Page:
A federal judge of the U.S. District Court for the District of Columbia has cancelled oil and gas leases of 80.8 million acres in the Gulf of Mexico, citing inadequate environmental assessments of the impact of GHG emissions on climate change. The judge determined that the Interior Department “acted arbitrarily and capriciously in excluding foreign consumption from their [GHG] emissions calculations” contrary to requirements under the National Environmental Policy Act (NEPA).
Environmental groups claimed the NEPA analysis performed by the Bureau of Ocean Energy Management was irrational and inconsistent with available data in determining that the GHG emissions associated with the lease sale would be lower and not contribute to climate change compared to a no-action scenario.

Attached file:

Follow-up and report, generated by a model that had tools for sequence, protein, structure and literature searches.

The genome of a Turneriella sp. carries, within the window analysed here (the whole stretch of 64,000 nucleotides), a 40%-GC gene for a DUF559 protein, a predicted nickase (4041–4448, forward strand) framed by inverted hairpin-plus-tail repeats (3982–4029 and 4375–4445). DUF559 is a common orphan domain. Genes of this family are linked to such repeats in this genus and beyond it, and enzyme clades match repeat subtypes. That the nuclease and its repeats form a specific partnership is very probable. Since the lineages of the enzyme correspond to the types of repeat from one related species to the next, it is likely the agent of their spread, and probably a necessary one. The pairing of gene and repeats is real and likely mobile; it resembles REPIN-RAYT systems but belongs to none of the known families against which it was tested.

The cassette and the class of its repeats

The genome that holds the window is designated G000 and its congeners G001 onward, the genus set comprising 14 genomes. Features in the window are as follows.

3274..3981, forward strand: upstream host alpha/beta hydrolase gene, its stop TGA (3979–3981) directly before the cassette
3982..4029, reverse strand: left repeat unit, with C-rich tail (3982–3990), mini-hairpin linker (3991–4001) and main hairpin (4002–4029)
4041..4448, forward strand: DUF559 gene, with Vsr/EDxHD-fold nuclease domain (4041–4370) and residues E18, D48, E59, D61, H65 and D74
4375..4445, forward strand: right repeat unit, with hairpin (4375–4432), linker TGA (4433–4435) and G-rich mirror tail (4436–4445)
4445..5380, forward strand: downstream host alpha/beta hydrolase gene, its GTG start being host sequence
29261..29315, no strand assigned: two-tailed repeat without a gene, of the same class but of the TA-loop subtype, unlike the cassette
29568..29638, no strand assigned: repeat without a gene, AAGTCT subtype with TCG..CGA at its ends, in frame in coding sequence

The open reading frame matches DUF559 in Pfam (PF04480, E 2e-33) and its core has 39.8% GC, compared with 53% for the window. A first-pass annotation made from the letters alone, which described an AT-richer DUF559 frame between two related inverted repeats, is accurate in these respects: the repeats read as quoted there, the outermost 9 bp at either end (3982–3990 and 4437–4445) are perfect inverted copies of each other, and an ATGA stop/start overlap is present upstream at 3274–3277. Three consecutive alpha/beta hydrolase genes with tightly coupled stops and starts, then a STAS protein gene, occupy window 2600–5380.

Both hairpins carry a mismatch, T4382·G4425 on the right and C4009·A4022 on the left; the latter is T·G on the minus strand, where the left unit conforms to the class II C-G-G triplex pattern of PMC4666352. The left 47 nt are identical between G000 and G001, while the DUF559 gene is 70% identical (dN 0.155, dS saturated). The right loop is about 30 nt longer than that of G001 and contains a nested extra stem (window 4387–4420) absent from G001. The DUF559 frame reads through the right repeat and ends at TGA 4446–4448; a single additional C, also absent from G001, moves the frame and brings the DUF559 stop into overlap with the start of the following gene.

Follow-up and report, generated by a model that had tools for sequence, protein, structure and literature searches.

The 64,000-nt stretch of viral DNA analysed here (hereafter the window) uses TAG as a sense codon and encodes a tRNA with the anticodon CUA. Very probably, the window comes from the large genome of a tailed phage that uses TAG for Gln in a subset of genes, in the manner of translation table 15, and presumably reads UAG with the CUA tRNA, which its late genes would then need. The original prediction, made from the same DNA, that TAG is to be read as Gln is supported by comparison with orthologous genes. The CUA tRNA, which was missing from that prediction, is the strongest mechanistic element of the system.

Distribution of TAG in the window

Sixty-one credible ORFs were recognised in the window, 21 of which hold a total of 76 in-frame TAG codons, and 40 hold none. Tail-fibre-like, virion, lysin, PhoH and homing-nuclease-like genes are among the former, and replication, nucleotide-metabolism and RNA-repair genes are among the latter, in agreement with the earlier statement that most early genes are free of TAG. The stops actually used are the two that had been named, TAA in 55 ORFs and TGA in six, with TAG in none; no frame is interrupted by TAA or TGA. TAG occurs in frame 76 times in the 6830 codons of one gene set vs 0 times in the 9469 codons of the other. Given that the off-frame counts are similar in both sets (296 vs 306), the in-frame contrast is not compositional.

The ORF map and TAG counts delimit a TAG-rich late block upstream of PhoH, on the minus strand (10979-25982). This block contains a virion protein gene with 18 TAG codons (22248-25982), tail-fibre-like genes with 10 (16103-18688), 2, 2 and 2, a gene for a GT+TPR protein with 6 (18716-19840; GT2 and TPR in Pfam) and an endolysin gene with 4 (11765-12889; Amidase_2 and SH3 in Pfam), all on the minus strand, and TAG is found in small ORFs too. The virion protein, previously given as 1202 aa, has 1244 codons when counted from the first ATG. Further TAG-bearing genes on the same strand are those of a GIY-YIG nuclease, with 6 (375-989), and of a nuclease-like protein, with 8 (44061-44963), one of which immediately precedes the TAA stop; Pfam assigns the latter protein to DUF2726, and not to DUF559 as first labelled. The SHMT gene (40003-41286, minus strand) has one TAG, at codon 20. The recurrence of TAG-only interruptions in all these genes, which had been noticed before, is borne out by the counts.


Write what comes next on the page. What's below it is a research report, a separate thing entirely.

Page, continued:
The Interior Department must now conduct new analysis taking into account GHG emissions resulting from the development and production of the leases, including the associated emissions from foreign consumption. The Interior Department must then consider the new analysis in determining whether to hold a new auction for the cancelled leases.
President Biden, during his campaign for office, had stated that there would be no new drilling for oil and gas on federal lands and signed an Executive Order to that effect early last year. However, Attorneys General from 13 states successfully sued to have previously planned auctions from the Trump Administration go forward, with major oil companies including Shell, BP, Chevron and Exxon Mobile bidding $192M for the now cancelled drilling rights.